“Heaven knows we need never be ashamed of our tears, for they are rain upon the blinding dust of earth, overlying our hard hearts. I was better after I had cried, than before-more sorry, more aware of my own ingratitude, more gentle”
Motivational speakers would assure you that it’s bad to feel bad. Yet in Bhakti school, there are many stalwarts who cried feeling the pain of separation from the Lord. They also lamented at their disqualifications and condemned themselves for being sinful and wretched. Before you declare them to be a case of ‘acute depression’ consider the following fact.
For all their ‘negative’ talks, these devotees were spiritually blissful. The celebrated six goswamis of Vrindavan of the sixteenth century considered themselves as fallen. Yet they were kind to all, and served more than twenty two hours a day, and hardly ate anything. Their deep inner ecstasy of devotion nourished their souls. Thus they were popular with both the gentle and the ruffians. Their being highly evolved in consciousness is proven by their actions. The goswamis’ love for Krishna overflowed as an expression of humility. Tears shed for God and others are not a sign of weakness; it’s a sign of pure heart.
A newcomer to spiritual life may misunderstand the deep inner ecstasy of these devotees and think it’s advisable to feel lowly and fallen. Being not connected to Krishna internally and then feeling meek would only accentuate a miserable existence. If you have faced failures in life and are feeling low, you need to first feel loved by Krishna.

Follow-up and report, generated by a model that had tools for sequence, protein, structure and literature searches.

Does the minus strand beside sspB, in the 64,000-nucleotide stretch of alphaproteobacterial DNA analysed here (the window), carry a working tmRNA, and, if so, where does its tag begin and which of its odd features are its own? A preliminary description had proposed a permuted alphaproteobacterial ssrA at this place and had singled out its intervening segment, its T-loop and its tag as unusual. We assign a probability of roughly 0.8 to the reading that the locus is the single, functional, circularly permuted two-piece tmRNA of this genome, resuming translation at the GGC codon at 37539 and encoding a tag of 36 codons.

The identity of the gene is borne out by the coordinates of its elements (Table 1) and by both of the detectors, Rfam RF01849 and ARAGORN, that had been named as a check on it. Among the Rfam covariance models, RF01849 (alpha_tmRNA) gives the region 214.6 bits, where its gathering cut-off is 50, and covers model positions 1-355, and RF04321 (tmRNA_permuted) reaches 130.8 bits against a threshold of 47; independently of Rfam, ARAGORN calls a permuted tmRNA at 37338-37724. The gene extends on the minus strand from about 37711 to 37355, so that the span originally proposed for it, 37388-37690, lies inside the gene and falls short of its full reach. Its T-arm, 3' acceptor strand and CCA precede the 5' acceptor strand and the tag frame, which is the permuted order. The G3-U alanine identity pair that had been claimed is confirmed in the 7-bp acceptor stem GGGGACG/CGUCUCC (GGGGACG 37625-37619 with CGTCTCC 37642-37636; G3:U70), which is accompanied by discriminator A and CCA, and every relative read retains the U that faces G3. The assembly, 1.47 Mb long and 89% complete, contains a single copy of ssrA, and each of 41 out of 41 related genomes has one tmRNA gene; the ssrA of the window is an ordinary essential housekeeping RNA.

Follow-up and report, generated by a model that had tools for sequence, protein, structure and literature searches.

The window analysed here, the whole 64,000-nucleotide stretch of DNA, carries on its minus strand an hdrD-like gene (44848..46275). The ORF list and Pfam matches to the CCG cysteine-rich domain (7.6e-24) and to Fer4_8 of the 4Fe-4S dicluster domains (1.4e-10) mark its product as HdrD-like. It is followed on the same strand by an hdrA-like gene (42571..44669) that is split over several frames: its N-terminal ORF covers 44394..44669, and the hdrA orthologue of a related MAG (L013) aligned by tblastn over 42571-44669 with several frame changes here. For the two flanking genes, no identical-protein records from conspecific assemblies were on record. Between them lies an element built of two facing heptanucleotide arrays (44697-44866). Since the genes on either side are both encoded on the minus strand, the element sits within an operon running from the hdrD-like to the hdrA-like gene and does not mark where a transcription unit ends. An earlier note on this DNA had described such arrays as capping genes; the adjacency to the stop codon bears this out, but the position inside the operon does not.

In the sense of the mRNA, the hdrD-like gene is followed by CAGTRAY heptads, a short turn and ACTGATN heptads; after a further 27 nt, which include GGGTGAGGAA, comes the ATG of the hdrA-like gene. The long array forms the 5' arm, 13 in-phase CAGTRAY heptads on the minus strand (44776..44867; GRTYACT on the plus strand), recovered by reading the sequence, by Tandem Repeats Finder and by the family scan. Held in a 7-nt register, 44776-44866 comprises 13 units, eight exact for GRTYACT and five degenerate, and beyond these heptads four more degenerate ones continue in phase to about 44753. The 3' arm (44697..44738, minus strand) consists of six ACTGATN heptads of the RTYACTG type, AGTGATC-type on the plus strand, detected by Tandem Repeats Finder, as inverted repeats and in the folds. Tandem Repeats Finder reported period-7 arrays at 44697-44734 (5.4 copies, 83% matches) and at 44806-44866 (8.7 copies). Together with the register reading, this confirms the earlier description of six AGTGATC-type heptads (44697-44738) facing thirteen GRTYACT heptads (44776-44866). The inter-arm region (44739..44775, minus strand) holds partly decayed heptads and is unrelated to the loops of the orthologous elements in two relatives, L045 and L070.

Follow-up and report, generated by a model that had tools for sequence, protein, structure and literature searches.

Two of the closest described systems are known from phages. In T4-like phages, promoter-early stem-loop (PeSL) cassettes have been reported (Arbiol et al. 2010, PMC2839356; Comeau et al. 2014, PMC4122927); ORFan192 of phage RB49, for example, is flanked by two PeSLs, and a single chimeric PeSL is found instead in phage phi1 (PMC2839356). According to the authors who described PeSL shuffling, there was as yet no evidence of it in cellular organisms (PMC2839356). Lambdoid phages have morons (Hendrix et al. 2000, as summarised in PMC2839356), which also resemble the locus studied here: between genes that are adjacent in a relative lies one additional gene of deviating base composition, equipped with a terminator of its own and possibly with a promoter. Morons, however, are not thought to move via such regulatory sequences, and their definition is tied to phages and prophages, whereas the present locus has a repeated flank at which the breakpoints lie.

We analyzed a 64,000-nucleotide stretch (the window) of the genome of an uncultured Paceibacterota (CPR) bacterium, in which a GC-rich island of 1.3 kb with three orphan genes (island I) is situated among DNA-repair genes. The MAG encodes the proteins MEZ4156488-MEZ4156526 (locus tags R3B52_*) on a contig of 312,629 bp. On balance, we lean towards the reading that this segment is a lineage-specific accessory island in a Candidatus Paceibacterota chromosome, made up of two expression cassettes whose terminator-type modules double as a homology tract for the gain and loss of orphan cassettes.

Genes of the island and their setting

We feel loved by our spiritual practices of chanting the Lord’s Holy Names. Along with this if we meditate on the gifts we have repeatedly received from the Lord, we’d be grateful. As we cultivate appreciation and gratitude to God, love would grow in the heart. A natural result of love is one examines his or her own inadequacies in relation to what the Lord is doing for them. Therefore if one feels lowly because his heart is filled with gratitude, then that feeling bad is healthy. However if one is full of himself and is constantly complaining and comparing himself with others, he’s diseased. When such a person claims he’s worthless, he’s seething with anger or depression and therefore it’s not humility but frustrated false ego. It’s advisable for such a person to somehow connect to Krishna by chanting His Holy Names and hearing His loving pastimes with His devotees. That would purify his heart of these contaminations.
One of Krishna’s closest associates was Uddhava. Even as a five year old boy, he’d play with Krishna’s dolls and ignore his mother’s calls for breakfast. As he grew older, his services only increased. The Srimad Bhagavatam describes Uddhava’s inner mood after Krishna left this world and he was visited by Vidura, another great devotee. Uddhava was grief stricken at Krishna’s departure and after Vidura enquired about the Lord, Uddhava remained silent for some time. He entered into a deep trance of remembrance of Krishna and then slowly came back to external consciousness and cried in separation from the Lord (Srimad Bhagavatam 3.2.3). Although he was old his service never slackened, and even as he externally cried and felt weak, internally he was remembering Krishna with gratitude, and therefore he only grew stronger spiritually.
Therefore real humility is not to feel fallen but to feel grateful to the Lord. Feeling ‘bad’ because God is doing so much for us would only increase our happiness, and we’d not trade this ‘bad’ for all the ‘good’ this world can offer. That’s because it’s God’s special reward to a sincere practitioner.